Nuclear Settlement Could Calm Turbulent Region

Nuclear Settlement Could Calm  Turbulent RegionNuclear Settlement Could Calm  Turbulent Region

Iran’s ambassador to Paris said the nuclear deal with world powers could help “calm the turbulent Middle East region.”  

Ali Ahani made the remark in an interview with Radio France Internationale on Tuesday, in which he talked about the implications of the nuclear accord at regional and international levels, Fars news agency reported.

Describing the deal as a “significant agreement for all,” including the P5+1 (the five permanent members of the UN Security Council plus Germany), he said the accord can guarantee the transparency of the Iranian nuclear program as well as the continuation of Iran’s entirely civilian nuclear program under the supervision of the International Atomic Energy Agency.

Asked about Iran’s stance toward addressing conflicts in the region, especially in countering the so-called Islamic State terrorist group, Ahani said, “We have a clear principle in the fight against terrorism as we were among the first victims of terrorism … We have clearly demonstrated our seriousness in cooperation with Iraqi and Syrian governments.”

He said Iran will cooperate with any country that is keen on an effective campaign against terrorism.         

"The agreement will allow Iran to continue and intensify cooperation with the world, which has been faced with severe limitations (in this regard) in recent years."   

  No Intention for Nukes

The envoy said Iran never intended to produce nuclear weapons, as it does not believe nuclear bombs can guarantee the safety of the country or other regional states.

"We have always insisted on making peaceful use of nuclear technology, as a member and a signatory to the NPT (Treaty on the Non-Proliferation of Nuclear Weapons)."

Asked if Iran has concerns about the implementation of this agreement on the ground, Ahani said, "Each party to the agreement has certain commitments, and the implementation of these commitments is very important especially in a situation that we do not have enough confidence in some members of the P5+1," by which he implied the US.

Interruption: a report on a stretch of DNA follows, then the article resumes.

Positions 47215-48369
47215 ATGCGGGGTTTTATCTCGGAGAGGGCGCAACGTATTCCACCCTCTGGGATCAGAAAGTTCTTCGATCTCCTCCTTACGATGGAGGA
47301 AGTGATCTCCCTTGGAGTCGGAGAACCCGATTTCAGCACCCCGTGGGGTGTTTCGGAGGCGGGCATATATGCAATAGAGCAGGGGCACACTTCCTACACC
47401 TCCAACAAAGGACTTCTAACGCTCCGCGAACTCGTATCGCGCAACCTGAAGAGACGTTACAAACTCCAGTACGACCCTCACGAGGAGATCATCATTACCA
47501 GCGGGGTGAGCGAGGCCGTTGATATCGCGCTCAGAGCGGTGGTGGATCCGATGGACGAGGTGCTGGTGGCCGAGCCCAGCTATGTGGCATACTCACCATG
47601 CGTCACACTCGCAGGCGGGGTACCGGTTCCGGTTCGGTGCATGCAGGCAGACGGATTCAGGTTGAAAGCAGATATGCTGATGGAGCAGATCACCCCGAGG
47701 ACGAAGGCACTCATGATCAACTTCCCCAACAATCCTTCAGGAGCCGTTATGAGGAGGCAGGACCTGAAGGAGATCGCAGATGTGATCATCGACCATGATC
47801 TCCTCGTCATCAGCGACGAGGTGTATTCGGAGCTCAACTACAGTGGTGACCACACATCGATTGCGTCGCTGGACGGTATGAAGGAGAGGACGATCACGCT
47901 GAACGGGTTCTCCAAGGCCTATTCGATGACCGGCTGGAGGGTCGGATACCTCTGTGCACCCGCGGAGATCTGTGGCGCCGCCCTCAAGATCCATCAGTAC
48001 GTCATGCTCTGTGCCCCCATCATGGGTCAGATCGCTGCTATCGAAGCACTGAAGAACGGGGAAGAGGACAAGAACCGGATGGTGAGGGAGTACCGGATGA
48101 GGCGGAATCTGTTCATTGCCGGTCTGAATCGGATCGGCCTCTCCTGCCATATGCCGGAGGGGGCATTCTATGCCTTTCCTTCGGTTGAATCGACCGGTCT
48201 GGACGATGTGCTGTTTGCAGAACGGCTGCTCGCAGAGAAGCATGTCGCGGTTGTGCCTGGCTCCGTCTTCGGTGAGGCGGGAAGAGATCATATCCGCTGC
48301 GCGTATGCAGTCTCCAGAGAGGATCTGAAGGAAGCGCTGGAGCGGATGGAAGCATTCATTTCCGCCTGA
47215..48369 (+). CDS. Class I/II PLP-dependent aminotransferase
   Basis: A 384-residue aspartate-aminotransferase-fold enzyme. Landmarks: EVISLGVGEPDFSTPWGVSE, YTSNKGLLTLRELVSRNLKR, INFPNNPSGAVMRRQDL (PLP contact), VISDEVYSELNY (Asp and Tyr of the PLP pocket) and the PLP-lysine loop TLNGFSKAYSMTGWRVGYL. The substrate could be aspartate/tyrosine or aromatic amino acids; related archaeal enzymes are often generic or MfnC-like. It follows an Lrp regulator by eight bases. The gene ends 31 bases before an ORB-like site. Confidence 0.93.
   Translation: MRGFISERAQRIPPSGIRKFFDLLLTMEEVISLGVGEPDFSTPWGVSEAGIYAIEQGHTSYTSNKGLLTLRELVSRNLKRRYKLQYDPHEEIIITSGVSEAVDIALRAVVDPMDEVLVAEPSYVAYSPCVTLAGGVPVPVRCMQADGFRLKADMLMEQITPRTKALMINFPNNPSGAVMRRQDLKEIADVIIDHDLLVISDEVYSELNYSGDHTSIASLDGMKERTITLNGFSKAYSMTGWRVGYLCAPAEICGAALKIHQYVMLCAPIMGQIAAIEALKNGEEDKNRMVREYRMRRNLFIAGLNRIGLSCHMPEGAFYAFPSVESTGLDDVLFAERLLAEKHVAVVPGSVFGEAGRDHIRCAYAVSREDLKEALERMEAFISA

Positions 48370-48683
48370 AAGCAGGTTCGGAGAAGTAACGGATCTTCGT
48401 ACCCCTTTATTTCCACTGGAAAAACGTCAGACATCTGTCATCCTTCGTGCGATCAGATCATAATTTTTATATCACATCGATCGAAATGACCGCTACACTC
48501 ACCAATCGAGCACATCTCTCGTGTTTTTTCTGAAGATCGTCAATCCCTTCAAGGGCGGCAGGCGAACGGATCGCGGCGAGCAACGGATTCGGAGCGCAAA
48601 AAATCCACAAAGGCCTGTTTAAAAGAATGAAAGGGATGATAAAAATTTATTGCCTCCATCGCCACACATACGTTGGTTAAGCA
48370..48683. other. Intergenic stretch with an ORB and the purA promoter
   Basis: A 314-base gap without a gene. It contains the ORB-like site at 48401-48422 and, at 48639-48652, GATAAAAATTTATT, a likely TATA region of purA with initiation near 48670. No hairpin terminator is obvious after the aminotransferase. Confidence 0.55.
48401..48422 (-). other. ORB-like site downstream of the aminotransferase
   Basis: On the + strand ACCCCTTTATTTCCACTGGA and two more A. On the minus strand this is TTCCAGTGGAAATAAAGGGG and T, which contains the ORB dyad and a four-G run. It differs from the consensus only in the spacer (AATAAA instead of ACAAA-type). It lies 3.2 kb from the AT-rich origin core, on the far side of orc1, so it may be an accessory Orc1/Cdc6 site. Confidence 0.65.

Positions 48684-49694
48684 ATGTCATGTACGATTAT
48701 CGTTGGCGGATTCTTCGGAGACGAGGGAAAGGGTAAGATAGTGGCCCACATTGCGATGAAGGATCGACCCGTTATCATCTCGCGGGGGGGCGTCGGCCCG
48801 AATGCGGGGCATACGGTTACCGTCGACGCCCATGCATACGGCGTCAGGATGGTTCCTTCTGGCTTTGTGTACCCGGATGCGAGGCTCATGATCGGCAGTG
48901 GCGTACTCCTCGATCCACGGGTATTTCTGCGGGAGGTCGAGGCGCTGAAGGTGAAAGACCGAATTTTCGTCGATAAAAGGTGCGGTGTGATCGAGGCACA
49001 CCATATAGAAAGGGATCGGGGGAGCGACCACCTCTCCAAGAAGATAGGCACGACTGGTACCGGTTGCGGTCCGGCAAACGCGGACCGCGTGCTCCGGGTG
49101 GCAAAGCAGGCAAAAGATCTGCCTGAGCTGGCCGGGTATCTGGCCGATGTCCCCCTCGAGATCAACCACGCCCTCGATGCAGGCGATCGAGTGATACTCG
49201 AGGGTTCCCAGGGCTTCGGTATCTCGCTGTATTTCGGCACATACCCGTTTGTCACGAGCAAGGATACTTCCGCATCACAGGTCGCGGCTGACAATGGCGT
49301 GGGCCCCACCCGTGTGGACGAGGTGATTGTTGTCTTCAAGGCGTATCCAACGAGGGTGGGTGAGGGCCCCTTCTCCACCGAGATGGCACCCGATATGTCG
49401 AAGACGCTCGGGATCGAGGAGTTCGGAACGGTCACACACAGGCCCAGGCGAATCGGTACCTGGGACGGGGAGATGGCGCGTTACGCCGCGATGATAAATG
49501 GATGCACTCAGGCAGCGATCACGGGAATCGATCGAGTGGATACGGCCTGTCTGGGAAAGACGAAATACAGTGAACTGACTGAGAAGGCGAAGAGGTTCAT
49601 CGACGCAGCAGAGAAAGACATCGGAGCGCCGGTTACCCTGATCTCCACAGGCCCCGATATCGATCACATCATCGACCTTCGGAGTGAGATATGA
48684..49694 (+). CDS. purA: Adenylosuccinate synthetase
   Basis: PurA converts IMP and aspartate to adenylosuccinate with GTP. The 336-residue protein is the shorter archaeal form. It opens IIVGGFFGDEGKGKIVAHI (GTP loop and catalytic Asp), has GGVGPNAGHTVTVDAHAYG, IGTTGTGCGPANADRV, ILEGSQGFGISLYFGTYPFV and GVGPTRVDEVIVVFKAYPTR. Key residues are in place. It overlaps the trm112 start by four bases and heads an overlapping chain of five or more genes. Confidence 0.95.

He said on the nuclear issue US President Barak Obama is not alone in taking decisions, adding numerous factors in the US interfere with the issue.

Asked on Iran's expectations about receiving global political leaders and investors after the deal, Ahani said Iran has already been approached by various western leaders especially in the desire to deepen their relations with Iran.

In the economic and commercial fields, he said several business delegations particularly from Europe are interested to establish links with Iranian partners.

On the role of France in the course of negotiations, he said although French Foreign Minister Laurent Fabius took a hard line toward negotiations when the talks were in progress, France played its part, adding that without the contribution of France it was not possible to get to the accord.

Asked if Iran's return to the international arena would be associated with the democratization of the country, he said, "We are already taking advantage of a particular democratic regime that is unique in the world."

The ambassador said a secular country like France might however find it difficult to get an understanding of a "religious democratic system" like the one which has been prevailing in Iran over the past 36 years.

"We believe in respect for human rights, respect for women's rights, and respect for religious minorities who are living in Iran in peace and have their own lawmakers in the Majlis (the Iranian Parliament)."